Identification. San Juan Chamula is a Maya township located in the highlands of central Chiapas, the southernmost state of Mexico. Chamula's Tzotzil name is "Chamo1," or "[where] the water died." According to a myth, Chamula's civil-ceremonial center was built on the site of a lake that San Juan (the patron saint) had dried up in order to make it habitable. Chamula is the largest and most densely populated of more than thirty Maya-speaking communities in the Chiapas highlands.
Location. Chamula occupies an area of 364 square kilometers and the average elevation of its lands is 2,300 meters. Most people live close to the lands they plant, in hamlets scattered along hills and basins across Chamula's eroded terrain. As a consequence of erosion, water holes, the main sources of water, tend to dry up before the rainy season. When this happens, the Chamula abandon their hamlets, temporarily or permanently, and find other places to live. The highest mountain in the region, the Tzontevitz, lies within Chamula and is sacred to the Chamula and neighboring indigenous groups.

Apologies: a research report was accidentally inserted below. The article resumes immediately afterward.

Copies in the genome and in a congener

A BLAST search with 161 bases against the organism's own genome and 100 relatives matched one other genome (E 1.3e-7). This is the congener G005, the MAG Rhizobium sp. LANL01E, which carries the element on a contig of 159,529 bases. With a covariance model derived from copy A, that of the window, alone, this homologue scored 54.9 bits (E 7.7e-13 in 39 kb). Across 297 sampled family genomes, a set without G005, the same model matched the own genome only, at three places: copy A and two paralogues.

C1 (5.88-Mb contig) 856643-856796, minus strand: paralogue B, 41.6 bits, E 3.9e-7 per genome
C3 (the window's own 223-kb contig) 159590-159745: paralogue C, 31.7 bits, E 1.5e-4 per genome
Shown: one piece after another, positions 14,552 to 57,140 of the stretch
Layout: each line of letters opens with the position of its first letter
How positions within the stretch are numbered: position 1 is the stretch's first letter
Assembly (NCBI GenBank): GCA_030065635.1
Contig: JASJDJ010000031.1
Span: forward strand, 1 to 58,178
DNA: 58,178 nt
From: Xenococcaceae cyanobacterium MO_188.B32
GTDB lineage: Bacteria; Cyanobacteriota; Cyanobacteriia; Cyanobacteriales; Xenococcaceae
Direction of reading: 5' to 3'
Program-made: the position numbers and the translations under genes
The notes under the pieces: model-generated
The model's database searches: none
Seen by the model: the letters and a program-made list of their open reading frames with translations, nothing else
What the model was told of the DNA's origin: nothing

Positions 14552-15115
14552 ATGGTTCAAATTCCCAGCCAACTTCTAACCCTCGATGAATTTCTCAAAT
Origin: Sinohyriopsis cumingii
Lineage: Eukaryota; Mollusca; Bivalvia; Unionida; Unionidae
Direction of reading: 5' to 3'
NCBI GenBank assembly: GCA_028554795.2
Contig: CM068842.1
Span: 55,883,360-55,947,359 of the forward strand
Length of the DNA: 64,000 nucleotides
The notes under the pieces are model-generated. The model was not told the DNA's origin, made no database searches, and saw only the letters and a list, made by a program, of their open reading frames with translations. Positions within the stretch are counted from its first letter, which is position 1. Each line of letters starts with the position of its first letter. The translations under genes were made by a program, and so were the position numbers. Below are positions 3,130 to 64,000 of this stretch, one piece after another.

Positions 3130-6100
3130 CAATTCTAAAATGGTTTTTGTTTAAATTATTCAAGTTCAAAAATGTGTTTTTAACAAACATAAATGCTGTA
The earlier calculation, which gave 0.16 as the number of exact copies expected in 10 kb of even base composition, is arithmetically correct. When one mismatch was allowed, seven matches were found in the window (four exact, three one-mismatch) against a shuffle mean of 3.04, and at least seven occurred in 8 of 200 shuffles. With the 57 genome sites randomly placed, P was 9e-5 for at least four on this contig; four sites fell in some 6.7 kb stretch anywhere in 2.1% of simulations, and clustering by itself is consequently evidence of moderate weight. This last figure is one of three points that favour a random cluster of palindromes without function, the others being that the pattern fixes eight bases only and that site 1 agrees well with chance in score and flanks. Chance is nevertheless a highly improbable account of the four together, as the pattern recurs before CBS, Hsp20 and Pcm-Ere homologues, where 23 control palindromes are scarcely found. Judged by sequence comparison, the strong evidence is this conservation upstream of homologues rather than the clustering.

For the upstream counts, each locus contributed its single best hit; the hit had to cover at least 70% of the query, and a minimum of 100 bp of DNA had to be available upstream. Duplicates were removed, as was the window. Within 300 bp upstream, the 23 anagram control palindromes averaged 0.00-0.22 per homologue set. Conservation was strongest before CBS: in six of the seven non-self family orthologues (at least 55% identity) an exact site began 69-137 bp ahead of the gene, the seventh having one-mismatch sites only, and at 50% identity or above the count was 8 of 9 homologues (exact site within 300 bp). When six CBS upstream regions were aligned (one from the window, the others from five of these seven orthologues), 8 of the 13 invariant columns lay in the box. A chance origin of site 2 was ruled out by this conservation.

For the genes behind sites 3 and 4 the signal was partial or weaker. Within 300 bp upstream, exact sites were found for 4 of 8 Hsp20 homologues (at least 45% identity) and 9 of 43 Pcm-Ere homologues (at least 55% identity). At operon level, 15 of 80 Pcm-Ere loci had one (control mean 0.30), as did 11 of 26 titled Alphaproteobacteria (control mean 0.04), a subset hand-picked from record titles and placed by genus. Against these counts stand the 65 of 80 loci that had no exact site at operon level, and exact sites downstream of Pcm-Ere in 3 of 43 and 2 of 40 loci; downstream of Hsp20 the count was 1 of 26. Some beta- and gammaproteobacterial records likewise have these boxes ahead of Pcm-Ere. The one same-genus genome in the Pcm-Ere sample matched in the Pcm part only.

Demography. The Chamula number around 100,000, of which about one-half live in the township, and the rest have emigrated to establish new communities both within and outside the highlands. The emigration process began more than a century ago and continues today as land shortages and political and religious conflicts force people to leave.
Linguistic Affiliation. The Chamula speak Tzotzil, a language belonging to the Tzeltalan Group (Tzotzil, Tzeltal, and Tojolab'al) of Mayan languages.